December, 2008, Philippe Vandenberg @ ENVOY Gallery Curated by Jan Van Woensel
Philippe Vandenberg (photo: Sam Mirlesse) Mr. Vandenberg's exhibition is Curated by Jan Van Woensel in New York City at ENVOY Gallery on Chrystie Street until January 25th 2009
Philippe Vandenberg @ENVOY Gallery on Chrystie Street. Curated by Jan Van Woensel
December 18th 2008 to January 25th 2009.
By Sam Mirlesse
“Il faut bouger dans la vie” were some of the first words from Philippe Vandenberg in response to my inquiry as to what the common thread between his paintings exhibited at the Envoy Gallery on Chrystie Street in Manhattan’s Lower East Side last week was. “Il faut bouger dans la vie, in other words… you must move in life.” The Belgian artist’s reasoning behind such a statement was that through mobility, we are able to rescue ourselves from depression. To be static is to lose everything—therefore we are most enriched by nomadic sensibilities. Indeed, the press release, put together by the exhibition's curator Whitehot’s own Jan Van Woensel, chose to emphasize this point above all others in its introduction to the exhibition. To paraphrase Van Woensel, ‘Vandenberg paints to resist stagnation.’
The paintings presented as part of “L’Image Maudite (The Cursed Image)” --at Envoy until January 25th
-- offer a range of topics, mostly political in commentary, and both furious and playful in temperament. Where in one we see a caricature of the late Palestinian leader Yasser Arafat splattered with graffiti (a man to whom Vandenberg compared Jesus Christ in casual conversation with me), in the next we see swastikas masquerading as party-goers, sporting colorful paper hats and dancing across a white canvas, to which Vandenberg comments that he means to reference the fascism we experience today—a fascism in disguise. Other paintings include a drawing of four women over a whitewashed canvas, underneath which the artist explained is a layer of animal blood (he calls this piece “Misery of the Day”), as well as a smaller work hung above where the absinthe is being served that depicts a smiling face drawn over some brown liquid – apparently the artist’s own blood this time, (this one called “The Laugh”). What is the common thread again? Indeed, the paintings span a period of time beginning in 1989 and leading up to the last few years of the artist’s life, and as a viewer, you certainly are aware of the collection of concerns and moments, one jumping off into the next.
Certainly he has moved, as he says, he has painted, and participated in his fair share of stagnation resistance. But the thing that strikes you the most is perhaps less this notion of the nomad, and more the sense of the frenetic mind, something slightly disturbed, something slightly out of step with the pace of the paint stroke itself, as if perhaps even frustrated by it. Indeed we get the sense of a nomadic thought process, more than a nomadic behavior or physical movement. It comes as no surprise therefore when Vandenberg tells me he is an admirer of the work of Francisco Goya, well-known for the often dark but satirical, thoroughly mad content of his work.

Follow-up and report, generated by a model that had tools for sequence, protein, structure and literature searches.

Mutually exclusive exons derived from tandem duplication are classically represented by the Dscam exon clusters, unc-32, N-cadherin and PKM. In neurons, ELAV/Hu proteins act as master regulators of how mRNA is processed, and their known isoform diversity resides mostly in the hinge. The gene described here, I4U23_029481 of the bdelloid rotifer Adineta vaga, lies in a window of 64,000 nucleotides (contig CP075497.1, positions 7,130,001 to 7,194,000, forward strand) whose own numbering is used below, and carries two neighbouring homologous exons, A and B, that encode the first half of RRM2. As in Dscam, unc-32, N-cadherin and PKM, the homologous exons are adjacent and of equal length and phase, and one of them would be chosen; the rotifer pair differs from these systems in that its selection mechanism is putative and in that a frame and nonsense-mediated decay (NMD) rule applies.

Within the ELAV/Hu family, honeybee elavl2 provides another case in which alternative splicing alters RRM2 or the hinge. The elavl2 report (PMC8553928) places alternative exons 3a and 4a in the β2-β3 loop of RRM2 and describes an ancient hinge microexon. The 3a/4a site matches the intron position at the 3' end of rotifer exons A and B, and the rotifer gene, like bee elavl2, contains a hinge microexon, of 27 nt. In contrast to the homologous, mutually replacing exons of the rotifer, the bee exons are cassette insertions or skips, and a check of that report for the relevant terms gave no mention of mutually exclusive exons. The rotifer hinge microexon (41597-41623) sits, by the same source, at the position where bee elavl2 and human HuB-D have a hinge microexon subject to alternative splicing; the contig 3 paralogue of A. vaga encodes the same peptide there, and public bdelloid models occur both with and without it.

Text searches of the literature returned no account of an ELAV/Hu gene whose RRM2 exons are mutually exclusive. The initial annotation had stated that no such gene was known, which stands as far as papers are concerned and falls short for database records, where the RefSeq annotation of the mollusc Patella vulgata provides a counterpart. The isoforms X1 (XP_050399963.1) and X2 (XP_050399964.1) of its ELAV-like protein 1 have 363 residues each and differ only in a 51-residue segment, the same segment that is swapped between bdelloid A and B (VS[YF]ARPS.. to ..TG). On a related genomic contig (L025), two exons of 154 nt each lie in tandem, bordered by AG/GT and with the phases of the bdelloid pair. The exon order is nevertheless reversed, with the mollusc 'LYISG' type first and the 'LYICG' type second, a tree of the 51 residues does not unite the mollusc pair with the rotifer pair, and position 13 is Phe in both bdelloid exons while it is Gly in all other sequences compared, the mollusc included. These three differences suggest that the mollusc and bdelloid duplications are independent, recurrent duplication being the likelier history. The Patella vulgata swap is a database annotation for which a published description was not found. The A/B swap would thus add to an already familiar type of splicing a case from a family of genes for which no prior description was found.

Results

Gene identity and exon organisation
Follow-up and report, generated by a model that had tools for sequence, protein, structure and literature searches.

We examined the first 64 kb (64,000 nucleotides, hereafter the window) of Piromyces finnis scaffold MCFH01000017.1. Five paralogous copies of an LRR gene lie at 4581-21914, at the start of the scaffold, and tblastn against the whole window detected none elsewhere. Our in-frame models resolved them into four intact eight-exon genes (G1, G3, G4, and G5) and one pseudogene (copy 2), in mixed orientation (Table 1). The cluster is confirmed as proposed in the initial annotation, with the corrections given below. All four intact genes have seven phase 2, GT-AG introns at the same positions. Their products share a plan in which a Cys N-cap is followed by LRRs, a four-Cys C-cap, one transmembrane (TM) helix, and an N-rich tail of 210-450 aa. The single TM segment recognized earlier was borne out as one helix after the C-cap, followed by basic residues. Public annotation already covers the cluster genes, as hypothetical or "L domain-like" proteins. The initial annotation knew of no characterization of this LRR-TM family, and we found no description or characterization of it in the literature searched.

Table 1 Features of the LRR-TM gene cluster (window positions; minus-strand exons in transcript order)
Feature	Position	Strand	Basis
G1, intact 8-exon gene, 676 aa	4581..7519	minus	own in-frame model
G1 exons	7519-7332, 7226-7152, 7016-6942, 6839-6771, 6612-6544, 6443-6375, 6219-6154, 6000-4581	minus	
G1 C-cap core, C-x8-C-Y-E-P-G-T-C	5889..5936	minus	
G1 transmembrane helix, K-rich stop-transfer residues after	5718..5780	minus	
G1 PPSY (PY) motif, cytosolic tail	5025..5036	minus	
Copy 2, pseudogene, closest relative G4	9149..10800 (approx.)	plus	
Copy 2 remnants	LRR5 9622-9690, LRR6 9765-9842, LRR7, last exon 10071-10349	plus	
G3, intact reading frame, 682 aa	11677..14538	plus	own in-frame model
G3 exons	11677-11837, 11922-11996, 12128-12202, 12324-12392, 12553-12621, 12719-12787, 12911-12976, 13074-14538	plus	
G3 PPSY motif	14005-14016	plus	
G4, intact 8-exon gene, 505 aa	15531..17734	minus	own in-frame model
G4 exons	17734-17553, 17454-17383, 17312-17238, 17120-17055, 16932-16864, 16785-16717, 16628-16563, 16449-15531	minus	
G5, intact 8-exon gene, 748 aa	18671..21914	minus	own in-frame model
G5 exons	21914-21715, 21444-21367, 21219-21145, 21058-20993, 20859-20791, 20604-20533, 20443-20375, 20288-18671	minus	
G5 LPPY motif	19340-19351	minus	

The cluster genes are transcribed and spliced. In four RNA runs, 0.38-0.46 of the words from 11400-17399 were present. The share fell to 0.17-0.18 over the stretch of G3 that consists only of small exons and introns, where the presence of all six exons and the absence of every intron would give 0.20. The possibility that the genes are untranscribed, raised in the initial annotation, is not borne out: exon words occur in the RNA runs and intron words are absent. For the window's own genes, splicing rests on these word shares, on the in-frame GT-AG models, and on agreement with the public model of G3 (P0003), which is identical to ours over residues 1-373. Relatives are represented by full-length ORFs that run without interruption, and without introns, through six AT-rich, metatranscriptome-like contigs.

Perhaps this is his point, however—that Vandenberg should intellectually interact with his own political and social concerns through painting them. Like many artists before him and contemporary to him, his work is driven by his expression of a critique of the world we live in, an image-making for the purpose of exposing something that is true in his eyes. In this sense we can understand the thought process of a nomad as that being focused on search as a means to survival. To be stagnant would be to express nothing, to choose silence over a vocalization of stream-of-consciousness through paint would be to die, intellectually speaking. ‘The cursed images’ offered to us by Vandenberg this month in New York are proof of his own personal search, they are debris of a man’s movement.
whitehot gallery images
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Sabine Mirlesse is a photographer and visual artist currently living and working in Paris. She is a recent graduate of the MFA Photography and Related Media program at Parsons the New School for Design in New York City and has written for The Paris Review and BOMB Magazine in addition to the NY edition of Whitehot. Contact her at firstname.lastname@example.org or at her website
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